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"The flies, you rogue !-the flies, you guttling dog!
Behold, your whiskers still are cover'd thickly;

I'll make you tell another story quickly.”
So out she bounced, and brought, with loud alarms,
Two stout Gens-d'Armes,

Who bore him to the judge-a little prig,


angry bottle-nose

Like a red cabbage-rose,

While lots of white ones flourish'd on his wig.
Looking at once both stern and wise,

He turn'd to the delinquent,

And 'gan to question him and catechise

As to which way the drink went: Still the same dogged answers rise, "The flies, my Lord-the flies, the flies!"

"Psha!" quoth the Judge, half peevish and half pompous, "Why, you're non compos.

You should have watch'd the bowl, as she desired,
And kill'd the flies, you stupid clown."—
"What! is it lawful then," the dolt inquired,

"To kill the flies in this here town ?"-
"The man's an ass-a pretty question this!
Lawful? you booby !-to be sure it is.

You've my authority, where'er you meet 'em,
To kill the rogues, and, if you like it, eat 'em.”
"Zooks!" cried the rustic, "I'm right glad to hear it.
Constable, catch that thief! may I go hang

If yonder blue-bottle (I know his face)

Isn't the very leader of the gang

That stole the cream;-let me come near it!"-
This said, he started from his place,

And aiming one of his sledge-hammer blows

At a large fly upon the Judge's nose,

The luckless blue-bottle he smash'd,
And gratified a double grudge ;
For the same catapult completely smash'd
The bottle-nose belonging to the Judge!


-Nor doth the eye itself,

That most pure spirit of sense, behold itself,
Not going from itself; but eyes opposed
Salute each other with each other's form-


THE origin of language is a puzzling point, of which no satisfactory solution has yet been offered. Children could not originally have compounded it, for they would always want intelligence to construct any thing so complicated and difficult; and as it is known that after a certain age the organs of speech, if they have not been called into play, lose their flexibility, it is contended, that adults possessing the faculties to combine a new language would want the power to express it. Divine inspiration is the only clue that presents itself in this emergency; and we are then driven upon the incredibility of supposing that celestial ears and organs could ever have been instrumental in originating the Low Dutch, in which language an assailant of Voltaire drew upon himself the memorable retort from the philosopher: "That he wished him more wit and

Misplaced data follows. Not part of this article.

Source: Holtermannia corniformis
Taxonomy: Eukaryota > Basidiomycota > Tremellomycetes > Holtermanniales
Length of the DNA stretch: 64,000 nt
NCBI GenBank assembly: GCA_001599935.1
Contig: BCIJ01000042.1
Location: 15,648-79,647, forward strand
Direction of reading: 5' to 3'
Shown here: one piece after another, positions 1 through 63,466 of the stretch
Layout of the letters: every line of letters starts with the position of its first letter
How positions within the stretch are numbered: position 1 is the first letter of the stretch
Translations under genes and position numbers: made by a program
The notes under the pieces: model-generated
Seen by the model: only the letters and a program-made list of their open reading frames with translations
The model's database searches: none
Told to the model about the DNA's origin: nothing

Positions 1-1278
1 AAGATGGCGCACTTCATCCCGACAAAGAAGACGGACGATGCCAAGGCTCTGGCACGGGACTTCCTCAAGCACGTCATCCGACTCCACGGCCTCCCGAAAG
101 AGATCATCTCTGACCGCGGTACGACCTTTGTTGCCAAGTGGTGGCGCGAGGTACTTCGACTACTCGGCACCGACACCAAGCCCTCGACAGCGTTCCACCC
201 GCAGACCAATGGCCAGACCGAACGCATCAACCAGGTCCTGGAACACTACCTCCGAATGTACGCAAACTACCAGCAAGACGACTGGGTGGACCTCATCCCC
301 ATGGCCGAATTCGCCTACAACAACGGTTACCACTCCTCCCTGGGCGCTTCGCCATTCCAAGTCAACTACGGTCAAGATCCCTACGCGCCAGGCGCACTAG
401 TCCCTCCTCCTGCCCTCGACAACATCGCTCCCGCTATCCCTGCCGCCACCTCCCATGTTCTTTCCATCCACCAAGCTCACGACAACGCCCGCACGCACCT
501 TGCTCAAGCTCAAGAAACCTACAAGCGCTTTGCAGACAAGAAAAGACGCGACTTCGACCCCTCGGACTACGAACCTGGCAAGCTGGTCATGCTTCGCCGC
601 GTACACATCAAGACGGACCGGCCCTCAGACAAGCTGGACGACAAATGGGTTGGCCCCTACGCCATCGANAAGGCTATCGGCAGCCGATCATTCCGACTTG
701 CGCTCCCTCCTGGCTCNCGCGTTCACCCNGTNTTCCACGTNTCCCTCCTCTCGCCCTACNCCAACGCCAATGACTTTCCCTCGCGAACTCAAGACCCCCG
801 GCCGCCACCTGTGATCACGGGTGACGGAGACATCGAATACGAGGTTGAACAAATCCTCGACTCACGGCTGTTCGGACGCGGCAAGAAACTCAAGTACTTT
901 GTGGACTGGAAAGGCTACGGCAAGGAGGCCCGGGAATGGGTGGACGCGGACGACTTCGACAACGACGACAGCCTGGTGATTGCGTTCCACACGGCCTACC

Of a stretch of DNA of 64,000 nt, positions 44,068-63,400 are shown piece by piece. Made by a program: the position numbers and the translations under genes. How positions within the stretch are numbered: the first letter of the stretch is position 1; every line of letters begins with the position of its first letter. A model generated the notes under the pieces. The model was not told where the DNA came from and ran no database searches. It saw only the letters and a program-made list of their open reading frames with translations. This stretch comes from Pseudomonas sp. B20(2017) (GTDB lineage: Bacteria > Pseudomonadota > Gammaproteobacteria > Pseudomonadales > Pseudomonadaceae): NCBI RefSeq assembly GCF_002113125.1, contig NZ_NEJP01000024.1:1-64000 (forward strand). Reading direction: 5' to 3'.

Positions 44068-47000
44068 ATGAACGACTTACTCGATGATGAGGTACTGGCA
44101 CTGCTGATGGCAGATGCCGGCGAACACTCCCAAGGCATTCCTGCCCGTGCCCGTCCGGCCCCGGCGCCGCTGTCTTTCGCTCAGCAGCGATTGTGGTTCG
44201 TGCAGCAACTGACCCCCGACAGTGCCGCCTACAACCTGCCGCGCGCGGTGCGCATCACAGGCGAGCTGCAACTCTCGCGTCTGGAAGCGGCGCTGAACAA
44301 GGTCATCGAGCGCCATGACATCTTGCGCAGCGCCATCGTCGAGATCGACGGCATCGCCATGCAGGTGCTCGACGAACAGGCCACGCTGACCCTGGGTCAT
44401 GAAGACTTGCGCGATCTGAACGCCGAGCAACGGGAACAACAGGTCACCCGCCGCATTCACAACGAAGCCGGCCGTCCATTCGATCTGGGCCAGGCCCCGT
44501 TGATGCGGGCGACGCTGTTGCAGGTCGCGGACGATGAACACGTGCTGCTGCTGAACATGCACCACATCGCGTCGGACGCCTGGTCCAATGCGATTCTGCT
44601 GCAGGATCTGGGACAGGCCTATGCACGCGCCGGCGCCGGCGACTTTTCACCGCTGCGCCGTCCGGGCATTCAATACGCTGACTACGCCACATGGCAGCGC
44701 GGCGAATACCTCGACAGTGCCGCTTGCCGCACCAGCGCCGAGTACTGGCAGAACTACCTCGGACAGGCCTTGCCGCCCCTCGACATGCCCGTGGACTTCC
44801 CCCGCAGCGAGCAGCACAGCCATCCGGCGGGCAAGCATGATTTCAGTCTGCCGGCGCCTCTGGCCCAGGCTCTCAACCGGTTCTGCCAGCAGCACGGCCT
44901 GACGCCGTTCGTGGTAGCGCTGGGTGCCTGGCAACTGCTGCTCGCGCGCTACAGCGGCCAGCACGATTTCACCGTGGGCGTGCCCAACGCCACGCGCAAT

fewer consonants." No one, however, seems contemplated the possibility that Nature never us to speak, any more than the parrot, to whom she has given similar powers of articulation; or to have speculated upon the extent of the substitutes she has provided, supposing that man had never discovered the process of representing appetites, feelings, and ideas by sound. Grief, joy, anger, and some of the simple passions, express themselves by similar intelligible exclamations in all countries; these, therefore, may be considered as the whole primitive language of Nature; but if she had left the rest of her vocabulary to be conveyed by human features and gestures, man, by addressing himself to the eyes instead of the ears, would have still possessed a medium of communication nearly as specific as speech, with the great advantage of its being silent as the telegraph. Talking with his features instead of his tongue, he would not only save all the time lost in unravelling the subtleties of the grammarians from Priscian to Lily and Lindley Murray, but he would instantly become a cosmopolitan, a citizen of the world, and might travel "from old Belerium to the northern main," without needing an interpreter.